Dolphins coach Joe Philbin knows that many — probably most — NFL coaches would refuse to allow the Hard Knocks cameras into their meeting rooms. But with the final episode of the HBO reality show that focused on his team airing tonight, Philbin said he doesn’t see any negative consequences of having gone through the experience.
“I don’t have any regrets,” Philbin told Albert Breer of NFL Network. “I’m not sitting in my office and saying, ‘Geez, why did we do that?’ And if we win 15 games, it’s not gonna be because they were here, just like if we lose 13 games, it won’t be because they were here. It was a good experience, we met a lot of good people. That’s really it.”
Philbin also said he doesn’t think the cameras were a distraction, because the cameramen just became a few more people going about their jobs at the team’s facilities.
“They become part of the fabric of the team,” he said. “You know their names, they know you. You see them earlier in the day than you do a lot of other people, and later too. You get used to them being here, and so you go about your business. It doesn’t change the way we do anything.”
Although the teams that do Hard Knocks have the authority to tell the producers of the show not to air certain footage from practices and meetings, Philbin said he tried to be open. He noted, for instance, that he allowed his meeting with Chad Johnson to be shown, even though Johnson probably would have preferred not to be fired on TV.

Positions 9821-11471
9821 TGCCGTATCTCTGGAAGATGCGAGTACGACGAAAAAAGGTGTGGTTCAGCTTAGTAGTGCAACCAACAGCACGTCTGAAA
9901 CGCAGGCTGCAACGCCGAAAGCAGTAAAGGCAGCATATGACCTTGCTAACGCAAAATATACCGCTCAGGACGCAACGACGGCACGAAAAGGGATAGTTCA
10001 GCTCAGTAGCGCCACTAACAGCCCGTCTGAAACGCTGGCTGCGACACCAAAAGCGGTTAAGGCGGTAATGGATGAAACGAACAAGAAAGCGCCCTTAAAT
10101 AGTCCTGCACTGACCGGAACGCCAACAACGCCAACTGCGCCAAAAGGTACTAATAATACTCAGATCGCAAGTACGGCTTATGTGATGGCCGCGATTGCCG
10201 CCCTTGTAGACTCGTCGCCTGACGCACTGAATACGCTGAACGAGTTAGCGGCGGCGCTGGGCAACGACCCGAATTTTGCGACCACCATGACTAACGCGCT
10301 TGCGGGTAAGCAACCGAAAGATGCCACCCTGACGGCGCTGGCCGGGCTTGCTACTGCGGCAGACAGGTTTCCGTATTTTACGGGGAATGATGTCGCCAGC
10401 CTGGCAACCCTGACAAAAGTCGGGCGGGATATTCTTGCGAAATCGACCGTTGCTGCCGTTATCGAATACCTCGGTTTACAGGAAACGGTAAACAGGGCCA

“I felt bad for him,” Philbin said. “He didn’t want that out there necessarily. But, for example, we’d released Derek Dennis from Temple earlier, and that was in front of the cameras. I just didn’t feel like it was right to treat Chad any different than someone like Derek Dennis. If you’re going to do it in front of the cameras with other guys, you gotta do it with him. I just felt like it was the right thing to do, but it wasn’t easy.”
But while granting access to a reality TV show wasn’t easy, Philbin doesn’t believe it was detrimental to the team, either.